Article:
The paper investigates a unique phenomenon where triple rating gained popularity while dual rating is required in Korea. Triple rating may improve information production by introducing increased competition among CRAs (credit rating agencies) while it may exacerbate rating inflation through more rating shopping and rating catering on the ground of greater bargaining power shifted toward the issuer. We examine the effect of triple rating on rating inflation, information production, and rating changes. Triple rating on average has a lower rating and a greater information production effect than dual rating after controlling for endogeneity. The rating level appears to be a significant factor in shaping the future rating mandates in triple rating. The propensity that splits are resolved through rating upgrades in triple rating significantly existed but has noticeably faded away since the strict regulatory changes in 2009.
Associate Professor, College of Pharmacy/ Department of Phharmaceutical Sciences
Design of a Disaster Preparedness Escape Room for First and Second-Year Pharmacy Students
Co-Authors: Michael Klepser, Stephanie Klepser
A bioterror preparedness escape room was developed for pharmacy students in a health elective course. The instructional objectives of training students in disaster preparedness were assessed via group readiness assessment tests in the scenario and individual readiness assessment tests after the completion of the activity.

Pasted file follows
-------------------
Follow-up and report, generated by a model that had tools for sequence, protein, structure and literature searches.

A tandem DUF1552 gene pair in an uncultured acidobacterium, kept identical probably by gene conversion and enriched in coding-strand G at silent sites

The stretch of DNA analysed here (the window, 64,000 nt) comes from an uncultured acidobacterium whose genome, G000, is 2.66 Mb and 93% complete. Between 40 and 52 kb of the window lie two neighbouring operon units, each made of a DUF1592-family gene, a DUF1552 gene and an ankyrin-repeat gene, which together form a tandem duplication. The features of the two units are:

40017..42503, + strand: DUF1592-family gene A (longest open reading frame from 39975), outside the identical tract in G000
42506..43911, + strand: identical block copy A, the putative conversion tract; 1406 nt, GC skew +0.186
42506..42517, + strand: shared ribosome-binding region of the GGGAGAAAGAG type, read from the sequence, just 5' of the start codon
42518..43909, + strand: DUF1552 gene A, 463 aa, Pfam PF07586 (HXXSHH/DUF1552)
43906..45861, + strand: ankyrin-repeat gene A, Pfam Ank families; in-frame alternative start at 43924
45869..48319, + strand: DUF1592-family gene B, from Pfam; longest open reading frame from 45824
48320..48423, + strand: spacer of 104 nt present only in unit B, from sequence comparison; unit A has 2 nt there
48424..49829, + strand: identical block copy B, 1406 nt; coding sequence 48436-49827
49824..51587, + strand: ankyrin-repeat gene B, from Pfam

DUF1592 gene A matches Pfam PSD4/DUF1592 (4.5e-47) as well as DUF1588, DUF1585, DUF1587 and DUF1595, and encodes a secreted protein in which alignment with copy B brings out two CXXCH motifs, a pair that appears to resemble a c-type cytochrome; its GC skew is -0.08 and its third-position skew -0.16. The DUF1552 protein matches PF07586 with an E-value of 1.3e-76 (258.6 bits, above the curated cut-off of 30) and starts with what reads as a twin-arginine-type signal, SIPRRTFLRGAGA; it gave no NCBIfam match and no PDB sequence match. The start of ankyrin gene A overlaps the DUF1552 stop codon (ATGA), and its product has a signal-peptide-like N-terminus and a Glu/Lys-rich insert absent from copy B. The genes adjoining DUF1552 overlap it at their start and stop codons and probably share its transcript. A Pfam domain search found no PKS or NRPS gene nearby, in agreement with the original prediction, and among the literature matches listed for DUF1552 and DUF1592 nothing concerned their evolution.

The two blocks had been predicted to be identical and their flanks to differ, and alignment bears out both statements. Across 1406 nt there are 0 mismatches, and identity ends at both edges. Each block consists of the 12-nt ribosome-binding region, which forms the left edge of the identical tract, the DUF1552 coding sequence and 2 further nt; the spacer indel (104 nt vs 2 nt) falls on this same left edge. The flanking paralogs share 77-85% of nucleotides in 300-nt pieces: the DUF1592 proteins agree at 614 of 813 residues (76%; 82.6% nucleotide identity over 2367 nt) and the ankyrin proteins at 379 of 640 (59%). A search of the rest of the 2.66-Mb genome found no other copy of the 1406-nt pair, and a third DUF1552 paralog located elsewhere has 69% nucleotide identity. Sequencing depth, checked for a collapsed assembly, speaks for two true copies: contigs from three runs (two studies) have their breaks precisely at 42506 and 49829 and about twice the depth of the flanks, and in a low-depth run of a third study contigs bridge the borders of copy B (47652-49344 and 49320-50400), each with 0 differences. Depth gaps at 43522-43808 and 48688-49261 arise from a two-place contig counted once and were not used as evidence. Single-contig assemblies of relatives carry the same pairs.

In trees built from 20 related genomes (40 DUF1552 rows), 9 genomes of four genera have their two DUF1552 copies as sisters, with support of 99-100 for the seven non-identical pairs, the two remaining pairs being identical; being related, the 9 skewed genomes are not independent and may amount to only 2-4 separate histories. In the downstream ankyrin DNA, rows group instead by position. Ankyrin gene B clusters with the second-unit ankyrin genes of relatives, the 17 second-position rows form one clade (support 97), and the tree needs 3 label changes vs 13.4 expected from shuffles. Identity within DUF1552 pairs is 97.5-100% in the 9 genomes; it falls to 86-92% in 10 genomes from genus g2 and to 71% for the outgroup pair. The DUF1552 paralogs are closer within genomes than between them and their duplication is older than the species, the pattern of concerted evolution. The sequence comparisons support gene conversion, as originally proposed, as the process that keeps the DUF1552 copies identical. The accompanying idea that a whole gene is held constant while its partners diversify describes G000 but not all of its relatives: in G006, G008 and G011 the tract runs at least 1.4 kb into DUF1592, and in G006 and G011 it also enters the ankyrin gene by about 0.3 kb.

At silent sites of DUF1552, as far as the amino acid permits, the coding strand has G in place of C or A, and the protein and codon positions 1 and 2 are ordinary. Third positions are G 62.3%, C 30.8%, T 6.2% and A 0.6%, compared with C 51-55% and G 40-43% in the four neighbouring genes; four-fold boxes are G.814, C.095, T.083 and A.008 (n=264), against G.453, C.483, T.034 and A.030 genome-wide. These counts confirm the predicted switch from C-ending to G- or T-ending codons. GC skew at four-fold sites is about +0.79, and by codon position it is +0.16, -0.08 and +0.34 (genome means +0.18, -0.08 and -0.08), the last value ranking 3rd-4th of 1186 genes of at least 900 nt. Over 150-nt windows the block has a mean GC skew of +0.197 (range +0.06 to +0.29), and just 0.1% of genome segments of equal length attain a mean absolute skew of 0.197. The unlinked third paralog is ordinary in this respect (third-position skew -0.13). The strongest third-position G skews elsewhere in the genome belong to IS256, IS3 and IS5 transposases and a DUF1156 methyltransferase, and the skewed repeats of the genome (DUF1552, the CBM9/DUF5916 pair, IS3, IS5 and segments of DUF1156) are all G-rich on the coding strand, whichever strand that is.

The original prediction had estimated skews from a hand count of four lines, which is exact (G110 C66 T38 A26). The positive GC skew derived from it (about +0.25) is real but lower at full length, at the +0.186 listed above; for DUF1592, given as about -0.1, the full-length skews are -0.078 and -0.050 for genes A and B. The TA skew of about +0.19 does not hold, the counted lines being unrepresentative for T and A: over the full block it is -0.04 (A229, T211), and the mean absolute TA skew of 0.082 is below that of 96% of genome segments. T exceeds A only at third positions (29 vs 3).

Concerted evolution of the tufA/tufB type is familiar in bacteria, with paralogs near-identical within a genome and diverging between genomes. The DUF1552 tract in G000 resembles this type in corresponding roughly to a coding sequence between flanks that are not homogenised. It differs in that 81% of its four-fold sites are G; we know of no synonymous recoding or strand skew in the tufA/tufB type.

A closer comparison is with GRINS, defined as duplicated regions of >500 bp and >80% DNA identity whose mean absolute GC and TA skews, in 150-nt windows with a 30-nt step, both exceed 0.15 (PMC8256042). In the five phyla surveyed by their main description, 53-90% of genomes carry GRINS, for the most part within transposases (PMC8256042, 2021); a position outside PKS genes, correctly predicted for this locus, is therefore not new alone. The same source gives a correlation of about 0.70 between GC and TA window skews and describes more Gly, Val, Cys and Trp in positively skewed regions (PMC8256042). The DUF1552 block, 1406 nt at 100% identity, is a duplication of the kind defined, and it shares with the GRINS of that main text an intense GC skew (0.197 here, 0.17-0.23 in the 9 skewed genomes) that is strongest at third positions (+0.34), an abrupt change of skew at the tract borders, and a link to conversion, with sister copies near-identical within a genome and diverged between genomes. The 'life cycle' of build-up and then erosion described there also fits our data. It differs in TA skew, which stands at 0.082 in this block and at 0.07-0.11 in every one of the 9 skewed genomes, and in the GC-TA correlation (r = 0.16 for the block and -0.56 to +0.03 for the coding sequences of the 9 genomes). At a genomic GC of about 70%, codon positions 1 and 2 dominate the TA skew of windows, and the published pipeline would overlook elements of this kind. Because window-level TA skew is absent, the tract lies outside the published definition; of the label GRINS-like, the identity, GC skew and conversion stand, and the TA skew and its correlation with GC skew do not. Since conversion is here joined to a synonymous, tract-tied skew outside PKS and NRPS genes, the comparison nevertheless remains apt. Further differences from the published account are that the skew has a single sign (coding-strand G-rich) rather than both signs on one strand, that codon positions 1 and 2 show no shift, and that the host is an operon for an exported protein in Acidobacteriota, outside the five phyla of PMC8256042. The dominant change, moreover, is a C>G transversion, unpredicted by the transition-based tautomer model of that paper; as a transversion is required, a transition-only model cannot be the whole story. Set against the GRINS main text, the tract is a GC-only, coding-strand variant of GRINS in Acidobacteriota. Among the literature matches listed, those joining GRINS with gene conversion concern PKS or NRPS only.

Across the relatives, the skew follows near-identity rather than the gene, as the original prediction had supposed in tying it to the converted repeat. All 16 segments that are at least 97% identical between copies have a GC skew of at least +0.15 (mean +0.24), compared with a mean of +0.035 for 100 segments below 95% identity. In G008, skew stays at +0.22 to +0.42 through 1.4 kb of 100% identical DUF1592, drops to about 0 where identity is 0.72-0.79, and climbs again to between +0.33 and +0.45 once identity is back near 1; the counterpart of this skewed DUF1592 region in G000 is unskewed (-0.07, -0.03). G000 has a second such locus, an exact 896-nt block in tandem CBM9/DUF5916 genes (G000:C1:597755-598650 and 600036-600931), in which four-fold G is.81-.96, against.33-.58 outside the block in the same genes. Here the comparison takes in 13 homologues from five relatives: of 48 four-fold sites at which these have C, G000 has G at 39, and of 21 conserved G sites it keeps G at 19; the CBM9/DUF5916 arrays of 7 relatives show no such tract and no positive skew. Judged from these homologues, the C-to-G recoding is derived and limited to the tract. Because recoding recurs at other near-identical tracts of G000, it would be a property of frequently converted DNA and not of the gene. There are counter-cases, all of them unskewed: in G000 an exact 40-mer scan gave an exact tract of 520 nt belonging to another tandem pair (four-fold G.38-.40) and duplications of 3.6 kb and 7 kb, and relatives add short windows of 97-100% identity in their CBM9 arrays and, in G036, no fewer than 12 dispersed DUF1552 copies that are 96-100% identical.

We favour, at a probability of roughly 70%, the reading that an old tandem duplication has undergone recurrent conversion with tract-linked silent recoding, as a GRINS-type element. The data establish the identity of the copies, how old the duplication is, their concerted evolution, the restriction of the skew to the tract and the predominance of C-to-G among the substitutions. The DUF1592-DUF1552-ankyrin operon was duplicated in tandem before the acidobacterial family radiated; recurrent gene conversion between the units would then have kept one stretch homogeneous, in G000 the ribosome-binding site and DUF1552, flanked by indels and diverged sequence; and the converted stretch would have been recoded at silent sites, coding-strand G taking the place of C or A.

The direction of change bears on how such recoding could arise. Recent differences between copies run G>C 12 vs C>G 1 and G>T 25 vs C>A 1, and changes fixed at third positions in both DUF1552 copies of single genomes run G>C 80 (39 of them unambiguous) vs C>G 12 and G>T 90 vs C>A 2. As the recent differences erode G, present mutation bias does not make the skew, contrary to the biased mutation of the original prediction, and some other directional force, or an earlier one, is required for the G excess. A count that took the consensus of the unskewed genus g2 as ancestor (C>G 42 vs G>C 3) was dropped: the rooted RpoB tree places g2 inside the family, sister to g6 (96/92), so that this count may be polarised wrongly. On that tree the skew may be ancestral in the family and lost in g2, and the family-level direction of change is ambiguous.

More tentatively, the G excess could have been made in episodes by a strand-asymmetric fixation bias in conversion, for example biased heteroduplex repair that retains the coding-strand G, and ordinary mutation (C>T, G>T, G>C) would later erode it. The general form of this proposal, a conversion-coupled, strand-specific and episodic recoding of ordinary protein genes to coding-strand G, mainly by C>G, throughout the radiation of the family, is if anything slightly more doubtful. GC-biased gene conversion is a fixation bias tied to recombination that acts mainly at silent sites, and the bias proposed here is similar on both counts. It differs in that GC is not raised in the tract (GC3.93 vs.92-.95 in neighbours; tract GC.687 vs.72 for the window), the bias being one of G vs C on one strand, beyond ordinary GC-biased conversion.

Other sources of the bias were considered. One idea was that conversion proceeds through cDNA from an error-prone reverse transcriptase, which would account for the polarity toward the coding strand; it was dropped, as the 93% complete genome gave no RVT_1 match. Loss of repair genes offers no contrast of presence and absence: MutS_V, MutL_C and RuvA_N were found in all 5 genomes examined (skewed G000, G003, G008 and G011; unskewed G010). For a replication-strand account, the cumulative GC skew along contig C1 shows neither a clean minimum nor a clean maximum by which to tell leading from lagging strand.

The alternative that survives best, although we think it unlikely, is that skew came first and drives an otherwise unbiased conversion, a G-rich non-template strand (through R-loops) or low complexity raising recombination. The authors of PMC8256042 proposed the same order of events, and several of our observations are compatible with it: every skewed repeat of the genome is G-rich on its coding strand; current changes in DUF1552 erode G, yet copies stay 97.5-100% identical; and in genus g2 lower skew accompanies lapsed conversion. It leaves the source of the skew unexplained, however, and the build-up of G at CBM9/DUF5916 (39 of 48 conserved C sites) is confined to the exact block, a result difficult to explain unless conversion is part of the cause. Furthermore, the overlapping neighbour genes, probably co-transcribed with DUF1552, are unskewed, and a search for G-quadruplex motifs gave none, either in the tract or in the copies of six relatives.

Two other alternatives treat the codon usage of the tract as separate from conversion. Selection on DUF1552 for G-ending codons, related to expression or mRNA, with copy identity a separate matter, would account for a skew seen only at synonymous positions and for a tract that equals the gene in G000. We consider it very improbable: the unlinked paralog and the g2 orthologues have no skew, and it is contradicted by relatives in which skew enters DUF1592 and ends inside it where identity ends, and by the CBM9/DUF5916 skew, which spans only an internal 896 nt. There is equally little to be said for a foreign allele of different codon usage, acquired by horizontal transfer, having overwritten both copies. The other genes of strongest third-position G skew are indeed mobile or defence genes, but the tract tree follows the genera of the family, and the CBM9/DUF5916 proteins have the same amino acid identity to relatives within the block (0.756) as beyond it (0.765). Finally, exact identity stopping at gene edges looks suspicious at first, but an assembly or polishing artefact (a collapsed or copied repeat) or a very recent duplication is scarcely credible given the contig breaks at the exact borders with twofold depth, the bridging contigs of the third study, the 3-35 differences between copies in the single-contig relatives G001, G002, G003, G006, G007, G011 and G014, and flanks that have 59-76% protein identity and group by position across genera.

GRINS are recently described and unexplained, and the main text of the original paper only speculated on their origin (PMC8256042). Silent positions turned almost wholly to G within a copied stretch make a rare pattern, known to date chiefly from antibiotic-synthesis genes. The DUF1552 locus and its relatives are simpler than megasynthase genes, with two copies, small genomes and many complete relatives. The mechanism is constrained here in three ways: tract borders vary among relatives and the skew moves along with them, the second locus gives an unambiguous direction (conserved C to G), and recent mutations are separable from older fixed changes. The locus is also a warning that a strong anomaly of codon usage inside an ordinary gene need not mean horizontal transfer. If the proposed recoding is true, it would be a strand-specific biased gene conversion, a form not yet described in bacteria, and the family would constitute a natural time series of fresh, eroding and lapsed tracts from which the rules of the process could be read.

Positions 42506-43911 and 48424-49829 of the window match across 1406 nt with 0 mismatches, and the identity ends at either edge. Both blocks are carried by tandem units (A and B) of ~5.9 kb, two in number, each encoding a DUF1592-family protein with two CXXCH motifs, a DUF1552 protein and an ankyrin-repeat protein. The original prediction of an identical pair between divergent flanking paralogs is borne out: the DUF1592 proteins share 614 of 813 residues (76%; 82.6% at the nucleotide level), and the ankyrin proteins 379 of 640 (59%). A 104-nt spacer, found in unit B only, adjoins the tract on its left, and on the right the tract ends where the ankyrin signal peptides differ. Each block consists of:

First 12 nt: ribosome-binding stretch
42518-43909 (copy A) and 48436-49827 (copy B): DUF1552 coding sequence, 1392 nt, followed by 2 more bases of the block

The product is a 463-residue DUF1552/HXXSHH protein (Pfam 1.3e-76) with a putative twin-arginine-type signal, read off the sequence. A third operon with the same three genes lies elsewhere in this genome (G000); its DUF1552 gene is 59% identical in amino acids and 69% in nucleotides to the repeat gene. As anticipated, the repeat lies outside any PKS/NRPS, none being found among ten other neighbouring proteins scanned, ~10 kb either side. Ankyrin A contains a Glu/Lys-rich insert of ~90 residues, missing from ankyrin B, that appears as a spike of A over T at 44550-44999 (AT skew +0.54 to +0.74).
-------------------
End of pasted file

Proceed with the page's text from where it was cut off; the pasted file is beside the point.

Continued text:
Design of a Large-Scale Escape Room for First-Year Pharmacy Student Orientation
Co-Authors: Katie Axford, Michelle Sahr, Mark Young
An escape room was developed for first professional year student orientation in a large classroom setting. One hundred nineteen students participated simultaneously in the orientation escape room activity in break-out groups to accomplish the objectives of the escape room as measured by embedded assessments.
Pathway Engineering of Anthracyclines: Blazing Trails in Natural Product Glycodiversification
Co-Authors: Katelyn Brown, Mikko Metsä-Ketelä, Benjamin Niji Wandi
The anthracyclines are structurally diverse anticancer natural products that bind to DNA and poison the topoisomerase II–DNA complex in cancer cells. Rational modifications in the deoxysugar functionality are especially advantageous for synthesizing drugs with improved potency. Combinatorial biosynthesis of glycosyltransferases and deoxysugar synthesis enzymes is indispensable for the generation of glycodiversified anthracyclines. This Synopsis considers recent advances in glycosyltransferase structural biology and site-directed mutagenesis, pathway engineering, and deoxysugar combinatorial biosynthesis with a focus on the generation of “new-to-nature” anthracycline analogues.
Professor, School of Digital Media
"Hallelujah" for Hope
The video features a virtual performance including members of the Grand Rapids Symphony and affiliates. The Symphony describes the piece and performance as follows: In these trying times, we need music more than ever. When we share music, we share our strength, our hope and our joy with each other. That’s why musicians of the Grand Rapids Symphony and Chorus have joined together to create a very special, virtual performance of the “Hallelujah" Chorus from Handel’s Messiah just for you. Please enjoy this gift of hope, from our homes to yours.